Bond is sent to Jamaica to investigate the disappearance of a Secret Service agent. It is soon apparent that there is much more afoot than he had anticipated, and a third of the way into the novel, Bond is sailing by night to the island of Doctor No, determined to find out the truth. Along the way the loses a friend, charms a babe, and foils the nefarious machinations of the evil doctor. Oh yeah--and he kills a giant squid.
Highly recommended.
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5.0 out of 5 stars Bond goes on a tropical adventure Dec 22 2003
Dr. No, the first Bond Novel I read, (an accident, I did not realize that the filmakers made the movies in a different order from the books) the sixth in chronological order. I thought this one was great! Bond must investigate the mysterious disappearance of John Strangways (the representitive of the secret service to Jamaica) and his secretary. Once there he slowly finds the truth behind Strangway's disappearance. Enter: Dr. No, who is sending wrong messages to Missiles causing them to crash from his private island north of Jamaica. Highlights: Centipede ordeal, "Dragon", No's establishment, Obstacle course, Fight with Squid.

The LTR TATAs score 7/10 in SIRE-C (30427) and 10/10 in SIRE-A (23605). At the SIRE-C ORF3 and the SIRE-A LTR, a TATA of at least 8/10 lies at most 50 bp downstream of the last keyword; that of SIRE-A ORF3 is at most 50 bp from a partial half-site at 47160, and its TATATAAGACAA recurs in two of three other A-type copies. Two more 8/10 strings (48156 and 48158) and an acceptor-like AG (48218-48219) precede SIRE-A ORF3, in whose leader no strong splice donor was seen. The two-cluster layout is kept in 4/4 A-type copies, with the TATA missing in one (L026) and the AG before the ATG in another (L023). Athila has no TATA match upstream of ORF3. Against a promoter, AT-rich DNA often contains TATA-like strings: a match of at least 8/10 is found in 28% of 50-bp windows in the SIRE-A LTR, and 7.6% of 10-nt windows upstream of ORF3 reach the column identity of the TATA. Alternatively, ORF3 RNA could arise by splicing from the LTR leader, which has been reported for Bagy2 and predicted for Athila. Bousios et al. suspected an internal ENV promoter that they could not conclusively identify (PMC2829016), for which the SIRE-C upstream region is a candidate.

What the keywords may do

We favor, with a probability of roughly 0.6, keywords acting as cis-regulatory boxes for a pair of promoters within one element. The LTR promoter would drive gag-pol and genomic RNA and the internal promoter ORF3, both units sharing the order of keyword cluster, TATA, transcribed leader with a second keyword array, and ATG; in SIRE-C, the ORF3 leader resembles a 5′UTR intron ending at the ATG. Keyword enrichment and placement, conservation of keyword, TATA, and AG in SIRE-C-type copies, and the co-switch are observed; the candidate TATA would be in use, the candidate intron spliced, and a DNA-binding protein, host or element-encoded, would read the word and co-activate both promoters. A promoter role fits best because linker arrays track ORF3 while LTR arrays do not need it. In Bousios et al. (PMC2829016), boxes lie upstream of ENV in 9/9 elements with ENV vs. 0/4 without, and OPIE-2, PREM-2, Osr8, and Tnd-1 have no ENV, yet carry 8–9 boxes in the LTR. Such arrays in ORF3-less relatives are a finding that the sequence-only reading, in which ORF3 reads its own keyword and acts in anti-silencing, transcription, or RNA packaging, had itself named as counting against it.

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5.0 out of 5 stars Different and Better than the Movie Nov. 29 2003
I have been a James Bond movie fan for years. I never read the Ian Fleming novels because I never could have imagined an improvement on the big screen edition. Boy was I wrong. The novel is a vast improvement over the movie bevause it can pack more details and adventures into the story. It sees James Bond barely escape the clutches of a giant squid, safely cross through a cage full of hairy tarantualas, and endure the burning of a red hot ventilating system that is only a few inches larger than he is. None of this is in the movie.
Also, the story reads almost like a different yarn than the movie:
- In the book, Dr. No is killed by a pile of bird dung that is dropped from a crane manned by 007. In the movie, he dies during the breakdown of his palace.
- In the book, Quarrel (Bond's partner) picks 007 up at the airport when he first comes to Jamaica. In the movie, a Dr. No employee picks him up and is killed minutes later by his own hand.
- In the book, 007 sees a giant centipede crawl up his body when he's in bed. In the movie, it's a tarantula.
- In the book, Honey Rider first appears naked. In the movie, she's wearing a bikini.
- But most of all, the novel's primary focus seems to show that Dr. No is a seller of bird dung that wishes to keep people away. In the movie, he wants to keep people out, but we are deprived of the bird slant that is really quite important to the story as a whole. The book "Dr. No " reads almost as a totally different story than the movie, and it includes more adventures. I recommend this highly.